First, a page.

Man arrested for cruise ship murder seven years after the fact


Man arrested for cruise ship murder seven years after the fact

A man has been arrested for strangling his ex-wife onboard a Mediterranean cruise after seven years.

A man from California has been arrested in Florida for the murder of his ex-wife, whom he allegedly threw overboard during an Italian cruise seven years ago.

Lonnie Kocontes, 55, was remanded into custody by federal marshals and is now being held without bail, on a charge of ‘special circumstance murder for financial gain”, the Associated Press reports.

The cruise industry was rocked in 2006 when his ex-wife Micki Kanesaki fell into the Mediterranean from the Island Escape, which was sailing along the coast of Italy.

She had been sharing a cabin with Kocontes despite the pair divorcing in 2002 and continuing to live together until 2004.

She was last seen alive at approximately 11pm on May 25th, and was not seen again until her body washed up on the shore at Calabria. At the time, Kocontes said he had awoken in the middle of the night to find her missing from the room, prompting a full search of the vessel.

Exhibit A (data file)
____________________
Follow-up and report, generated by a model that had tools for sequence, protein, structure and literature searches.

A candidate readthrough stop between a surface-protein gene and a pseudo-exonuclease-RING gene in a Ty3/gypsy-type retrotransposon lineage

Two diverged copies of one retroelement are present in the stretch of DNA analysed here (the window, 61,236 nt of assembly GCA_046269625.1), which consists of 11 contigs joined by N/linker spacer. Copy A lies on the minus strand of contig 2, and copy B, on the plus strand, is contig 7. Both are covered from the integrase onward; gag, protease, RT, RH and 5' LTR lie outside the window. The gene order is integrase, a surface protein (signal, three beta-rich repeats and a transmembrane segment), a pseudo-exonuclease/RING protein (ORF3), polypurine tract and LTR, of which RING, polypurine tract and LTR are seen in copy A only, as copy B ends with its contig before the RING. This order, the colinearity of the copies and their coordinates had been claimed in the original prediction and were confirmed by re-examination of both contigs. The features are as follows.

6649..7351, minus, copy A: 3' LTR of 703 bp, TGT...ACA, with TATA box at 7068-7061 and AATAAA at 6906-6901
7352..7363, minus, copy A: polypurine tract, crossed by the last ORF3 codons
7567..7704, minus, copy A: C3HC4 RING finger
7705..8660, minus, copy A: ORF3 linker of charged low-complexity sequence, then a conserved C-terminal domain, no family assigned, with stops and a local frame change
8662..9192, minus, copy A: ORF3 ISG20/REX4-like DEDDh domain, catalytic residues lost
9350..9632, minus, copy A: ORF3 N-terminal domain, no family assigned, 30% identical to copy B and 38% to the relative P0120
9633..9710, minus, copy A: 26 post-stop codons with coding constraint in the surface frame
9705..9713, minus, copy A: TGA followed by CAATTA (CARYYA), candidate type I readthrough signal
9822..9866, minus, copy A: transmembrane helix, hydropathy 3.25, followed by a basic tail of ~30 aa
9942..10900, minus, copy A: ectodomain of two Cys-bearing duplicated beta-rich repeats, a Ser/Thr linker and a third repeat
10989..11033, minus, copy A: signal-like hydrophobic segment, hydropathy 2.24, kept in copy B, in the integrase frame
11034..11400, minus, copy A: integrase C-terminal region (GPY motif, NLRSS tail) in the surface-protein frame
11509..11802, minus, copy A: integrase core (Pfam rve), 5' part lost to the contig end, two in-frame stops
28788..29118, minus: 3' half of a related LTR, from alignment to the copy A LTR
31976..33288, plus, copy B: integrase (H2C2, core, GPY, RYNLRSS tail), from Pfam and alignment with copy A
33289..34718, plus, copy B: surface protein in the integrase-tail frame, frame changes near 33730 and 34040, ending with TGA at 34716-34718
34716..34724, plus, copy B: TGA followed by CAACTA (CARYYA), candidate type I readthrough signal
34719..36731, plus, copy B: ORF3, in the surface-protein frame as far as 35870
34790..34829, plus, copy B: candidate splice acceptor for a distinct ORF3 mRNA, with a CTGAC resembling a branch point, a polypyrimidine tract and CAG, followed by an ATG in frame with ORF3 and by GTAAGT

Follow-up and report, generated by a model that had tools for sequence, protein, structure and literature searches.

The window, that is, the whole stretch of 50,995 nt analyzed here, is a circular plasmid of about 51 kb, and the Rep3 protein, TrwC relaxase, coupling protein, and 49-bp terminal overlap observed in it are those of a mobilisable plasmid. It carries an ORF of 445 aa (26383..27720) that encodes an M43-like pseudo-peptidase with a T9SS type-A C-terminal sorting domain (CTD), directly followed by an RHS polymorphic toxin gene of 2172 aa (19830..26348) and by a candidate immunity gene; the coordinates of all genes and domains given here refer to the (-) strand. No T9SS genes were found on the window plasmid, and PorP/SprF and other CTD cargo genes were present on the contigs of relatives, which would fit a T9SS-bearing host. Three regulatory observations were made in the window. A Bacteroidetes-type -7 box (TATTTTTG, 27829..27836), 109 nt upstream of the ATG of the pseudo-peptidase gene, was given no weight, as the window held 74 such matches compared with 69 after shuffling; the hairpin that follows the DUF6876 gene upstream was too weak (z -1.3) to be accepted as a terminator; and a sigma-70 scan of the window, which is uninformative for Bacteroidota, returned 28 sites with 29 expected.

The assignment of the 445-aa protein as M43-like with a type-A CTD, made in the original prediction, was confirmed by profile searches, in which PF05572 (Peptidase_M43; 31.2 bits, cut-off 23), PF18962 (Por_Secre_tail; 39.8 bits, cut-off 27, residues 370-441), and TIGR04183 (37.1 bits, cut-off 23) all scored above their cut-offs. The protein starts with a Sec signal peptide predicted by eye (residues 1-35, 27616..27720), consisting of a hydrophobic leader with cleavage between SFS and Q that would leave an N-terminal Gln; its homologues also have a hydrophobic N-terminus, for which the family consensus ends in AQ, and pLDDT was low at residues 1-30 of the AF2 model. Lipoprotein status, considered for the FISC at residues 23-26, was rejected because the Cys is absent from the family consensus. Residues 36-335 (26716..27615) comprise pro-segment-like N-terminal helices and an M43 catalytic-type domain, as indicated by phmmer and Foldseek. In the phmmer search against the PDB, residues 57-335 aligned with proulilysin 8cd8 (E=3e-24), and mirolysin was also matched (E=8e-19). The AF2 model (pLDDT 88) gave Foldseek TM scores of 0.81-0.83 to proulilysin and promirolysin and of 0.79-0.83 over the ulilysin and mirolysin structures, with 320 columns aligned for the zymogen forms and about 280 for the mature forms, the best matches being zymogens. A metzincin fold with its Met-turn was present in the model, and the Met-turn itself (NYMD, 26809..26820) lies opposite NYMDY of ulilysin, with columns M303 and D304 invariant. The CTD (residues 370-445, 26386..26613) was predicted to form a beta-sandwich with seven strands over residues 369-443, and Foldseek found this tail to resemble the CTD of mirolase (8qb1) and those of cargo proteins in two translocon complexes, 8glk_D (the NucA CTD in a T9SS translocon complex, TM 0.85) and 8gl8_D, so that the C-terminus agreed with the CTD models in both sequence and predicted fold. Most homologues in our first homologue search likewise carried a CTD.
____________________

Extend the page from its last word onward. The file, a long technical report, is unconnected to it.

According to prosecutors, Kocontes, a lawyer, strangled Kanesaki to death and then threw her overboard.

FBI investigators launched a new criminal probe in 2008 after new evidence came to light alleging that Kocontes had transferred more than $1 million of his ex-wife’s money into joint accounts held with his new wife.

Monday, 25 February 2013

Titanic II's shipyard prepares for construction


Titanic II's shipyard prepares for construction

Titanic II's shipyard prepares for construction
A life-size replica of the Titanic has moved a step closer to construction after the Chinese shipyard chosen to build the vessel revealed it has begun upgrading its facilities to prepare for the work.
Titanic II is due to be built at CSC Jinling Shipyard Company in Nanjing, China, using the same dimensions as the doomed Belfast-built original vessel, and is being funded by Australian mining magnate Clive Palmer.
The 2,400-passengers vessel will take three years to build, measuring 270 metres long, weighing 40,000 tonnes, and will have 840 cabins, as well as Turkish baths and a swimming pool.